After Hurricane Matthew, I was surprised by the randomness of the storm’s destruction in the Lowcountry. Some homes were practically destroyed and one wonders if they will ever be habitable. Many more have significant damage, and roof tarps are still the norm, as home owners await word from insurers about the timing of repair projects. Other homes, often on the same street, seem to have escaped any damage at all.
Likewise, damage to lawns and gardens has ranged from minimal to “Oh, no!”
Concerned about your landscape? If you have little or no damage, access my column from Oct. 9 in The Island Packet for suggestions regarding fall planting.
If your yard suffered significantly or you have decided that now is a good time to renovate it, read on.
Repair: Did fallen tree limbs break major portions of shrubs or small trees? Trim the damaged areas and shape the plant so that the overall effect is pleasing to the eye. Wait six months or so to see if healthy, new growth ensues. If that is not the case, but you like the type of plant, replace it. Consider various options when making repairs. A large camellia in my yard was almost completely uprooted by a tree that came down. My next door neighbors helped me to put the camellia back into an upright position and secure it with a thick rope to a neighboring tree until such time as the root structure enables the camellia to stand on its own.
Relocate: The removal of tree cover either from your yard or that of a neighbor may necessitate moving plants. The woodland garden in my side yard lost five trees because of Matthew. Increased sun is now flooding that area with light. Next summer’s intense sun will have negative effects on the holly ferns, cast iron plant (Aspidistra), hydrangea, spider plants and a tree ivy (xFatshedera Lizei), among others. I’m still considering the best new location for all of these plants. However, I’m leaving the azaleas and camellias in place because they should be able to adapt to the new environment.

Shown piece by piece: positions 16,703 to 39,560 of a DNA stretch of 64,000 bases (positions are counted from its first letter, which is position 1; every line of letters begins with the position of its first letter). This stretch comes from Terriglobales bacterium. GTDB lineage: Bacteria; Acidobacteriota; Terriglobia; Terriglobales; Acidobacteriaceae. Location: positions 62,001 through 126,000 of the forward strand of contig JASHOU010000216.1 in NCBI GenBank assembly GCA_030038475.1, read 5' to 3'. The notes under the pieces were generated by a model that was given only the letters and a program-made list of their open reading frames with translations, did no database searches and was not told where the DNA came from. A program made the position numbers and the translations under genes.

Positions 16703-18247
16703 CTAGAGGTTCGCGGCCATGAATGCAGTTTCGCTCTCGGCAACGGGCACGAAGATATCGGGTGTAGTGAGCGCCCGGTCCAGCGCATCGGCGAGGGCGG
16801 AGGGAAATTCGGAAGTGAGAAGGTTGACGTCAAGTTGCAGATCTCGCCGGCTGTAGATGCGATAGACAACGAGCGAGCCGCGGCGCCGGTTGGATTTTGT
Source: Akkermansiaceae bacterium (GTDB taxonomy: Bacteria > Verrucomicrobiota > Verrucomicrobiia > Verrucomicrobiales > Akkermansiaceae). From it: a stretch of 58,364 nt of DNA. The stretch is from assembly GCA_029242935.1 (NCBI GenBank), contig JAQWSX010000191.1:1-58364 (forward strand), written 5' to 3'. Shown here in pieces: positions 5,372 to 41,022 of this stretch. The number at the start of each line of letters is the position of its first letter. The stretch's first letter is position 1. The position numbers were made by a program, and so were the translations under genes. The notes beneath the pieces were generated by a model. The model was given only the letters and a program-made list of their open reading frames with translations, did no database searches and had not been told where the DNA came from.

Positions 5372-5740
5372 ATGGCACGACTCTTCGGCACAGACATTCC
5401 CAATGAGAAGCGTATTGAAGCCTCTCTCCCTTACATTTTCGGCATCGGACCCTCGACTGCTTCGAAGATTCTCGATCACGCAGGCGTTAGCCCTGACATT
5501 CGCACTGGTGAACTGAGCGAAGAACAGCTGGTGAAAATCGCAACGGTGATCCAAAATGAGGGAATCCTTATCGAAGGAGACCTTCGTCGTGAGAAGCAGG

Renovate: If you have had major damage to your lawn and garden, now might be the time to renovate the landscape. The normal progression is from the top down: trees, shrubs/vines, perennials, ground-covers, lawn.
Before commencing any digging there are many factors to consider. Environmental factors come first. Check plant labels in retail outlets or online for optimal growing temperatures. Minimum winter temperatures in our area rarely fall below 20-25 degrees and usually not below freezing. Full summer sun can be brutal in the Lowcountry. Again, check plant labels or search websites for advice on how many hours of direct sunlight specific plants require. Increased sunlight also means that plants will dry out quickly. New trees and shrubs will need regular watering schedules for at least the first year. If you cannot meet the water needs of new plants, then consider increasing the size of areas that are mulched and be done with it. Take this opportunity to have your soil tested and choose compatible plants. Exposure to wind and salt-laden air are two others factors to consider. Some plants are not deterred by these two environmental forces while others decline quickly.
If you live in a community with a Property Owners Association, be certain to check the bylaw(s) governing landscaping. Some associations have specific limitations on mature plant height and width. In addition, determine where your boundary lines are. Your current neighbors might not care if plants infringe on their property somewhat. A new neighbor may insist that you remove plants or severely alter your planting scheme because of infringement on his or her property. A final step before digging is to contact any utility companies that have buried cable around your home.
Relax: Once we are in the post holiday season, you may have time to reflect more thoroughly on how to develop your landscape. Do some research on your own and feel free to email me for specific recommendations concerning trees and shrubs to plant in areas which have opened up due to storm damage. I’ll share some of those questions in my next article.
Frank Edgerton is a Hilton Head Island resident, garden consultant and plantsman. He can be reached at firstname.lastname@example.org.